Senior US officer retires over adultery allegations

Concern is rising that the issue will cut a swathe through America's military
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As a new attitude of "zero tolerance" towards sexual misdemeanours sweeps the US military, the commander of a Maryland army training centre that has seen a spate of sexual assault cases is to retire early after admitting to an extra-marital affair. Major-General John Longhouser, a graduate of the elite West Point military academy, a much-decorated Vietnam veteran and a married man, will retire as head of the Aberdeen Proving Ground with reduced pension privileges after his affair was reported to a military hot-line.

The disclosure about Gen Longhouser comes barely a week after the resignation from the US air force of Kelly Flinn, the first female B-52 bomber pilot, who narrowly avoided court martial for adultery and disobedience. Ms Flinn's lawyer had claimed that the military was guilty of double standards and said he had names of senior officers whose adultery had gone unpunished.

The retirement of the commander is the latest sign that a toughening of discipline relating to sexual relations in the military could cause the early departure of some very senior officers. At the end of last week, just as 26 year old Ms Flinn was packing her belongings to leave the air force for good, three separate cases came to light involving senior members of the US armed forces.

One concerns the top legal officer of the US armed forces, William Coleman; the second - a two-star Admiral, R.M. Mitchell, who supervises the navy's supply system: both are accused of harassing female subordinates. The third is that of Brigadier-General Stephen Xenakis, head of army medical operations in the south-east command, who is accused of an improper relationship with a civilian nurse. Both Mr Coleman and Admiral Mitchell have denied the accusations against them, but have been forbidden to comment until the investigations are complete. Their feelings were summed up by Mr Coleman who said: "I'm not at liberty to comment; I'd love to, though."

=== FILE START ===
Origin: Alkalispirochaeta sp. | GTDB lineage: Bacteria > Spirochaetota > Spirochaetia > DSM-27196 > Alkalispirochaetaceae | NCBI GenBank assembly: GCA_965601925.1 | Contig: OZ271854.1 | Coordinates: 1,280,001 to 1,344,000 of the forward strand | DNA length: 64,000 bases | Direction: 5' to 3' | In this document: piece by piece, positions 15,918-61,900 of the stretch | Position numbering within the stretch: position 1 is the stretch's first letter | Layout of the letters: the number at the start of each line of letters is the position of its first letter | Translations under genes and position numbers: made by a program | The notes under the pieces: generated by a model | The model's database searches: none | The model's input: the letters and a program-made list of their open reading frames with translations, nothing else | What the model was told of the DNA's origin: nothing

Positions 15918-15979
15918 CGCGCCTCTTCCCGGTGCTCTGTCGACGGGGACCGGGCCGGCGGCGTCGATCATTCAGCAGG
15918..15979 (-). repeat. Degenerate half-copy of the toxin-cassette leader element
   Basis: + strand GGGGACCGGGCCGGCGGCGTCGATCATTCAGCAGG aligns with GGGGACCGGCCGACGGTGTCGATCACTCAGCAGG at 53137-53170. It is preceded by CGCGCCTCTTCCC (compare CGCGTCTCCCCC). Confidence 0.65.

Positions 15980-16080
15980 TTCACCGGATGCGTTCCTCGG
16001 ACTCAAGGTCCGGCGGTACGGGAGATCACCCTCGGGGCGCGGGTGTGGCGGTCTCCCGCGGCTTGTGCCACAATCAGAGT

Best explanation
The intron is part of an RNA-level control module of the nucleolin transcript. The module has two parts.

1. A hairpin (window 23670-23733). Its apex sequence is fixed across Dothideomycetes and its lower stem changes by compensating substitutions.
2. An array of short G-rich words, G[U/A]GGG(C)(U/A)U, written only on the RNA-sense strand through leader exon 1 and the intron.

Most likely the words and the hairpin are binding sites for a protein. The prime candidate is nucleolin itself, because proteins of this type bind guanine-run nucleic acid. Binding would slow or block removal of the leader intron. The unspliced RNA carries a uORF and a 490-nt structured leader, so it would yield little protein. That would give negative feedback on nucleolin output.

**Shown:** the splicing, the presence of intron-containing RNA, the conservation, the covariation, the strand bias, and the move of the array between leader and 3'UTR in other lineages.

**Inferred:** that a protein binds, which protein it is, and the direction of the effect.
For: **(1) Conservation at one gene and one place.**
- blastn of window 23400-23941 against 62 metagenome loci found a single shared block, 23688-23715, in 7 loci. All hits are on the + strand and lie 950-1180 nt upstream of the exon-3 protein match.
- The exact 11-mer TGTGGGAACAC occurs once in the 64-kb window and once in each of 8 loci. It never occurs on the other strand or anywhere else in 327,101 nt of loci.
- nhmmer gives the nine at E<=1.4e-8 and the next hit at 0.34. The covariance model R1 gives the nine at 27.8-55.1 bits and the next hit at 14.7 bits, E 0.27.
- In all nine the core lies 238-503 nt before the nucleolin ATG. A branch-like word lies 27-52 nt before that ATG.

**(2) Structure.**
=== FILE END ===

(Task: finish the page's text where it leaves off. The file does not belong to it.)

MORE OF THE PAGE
The case of Kelly Flinn, who admitted having an affair with a married civilian, lying about it and disobeying an order to break it off, became a national cause celebre and brought claims that men in the forces tended to be punished less severely than women, if at all, for sexual dalliances, while senior officers tended to be treated more leniently still.

The chief of staff of the air force, in remarks that were widely endorsed, denied that she had been severely treated, saying that it was unthinkable to have a pilot who disobeyed orders flying a plane capable of carrying nuclear weapons.

After Ms Flinn agreed to accept a general discharge in lieu of court martial, however, newspaper columns and radio talkshows were immediately filled with complaints about individuals, including high-ranking officers - unnamed - whose sexual escapades had gone unremarked and unpunished.

The current mood in the military is such that every allegation of sexual misconduct of whatever kind is likely to be followed up, and the result risks cutting a swathe through the US officer corps. As one Penatagon official was quoted as saying in relation to the retirement of Gen Longhouser: "Where does this end? It's terrible that it's come to the point where a distinguished soldier like Gen Longhouser has his career ended by something like this... Does this make any sense?"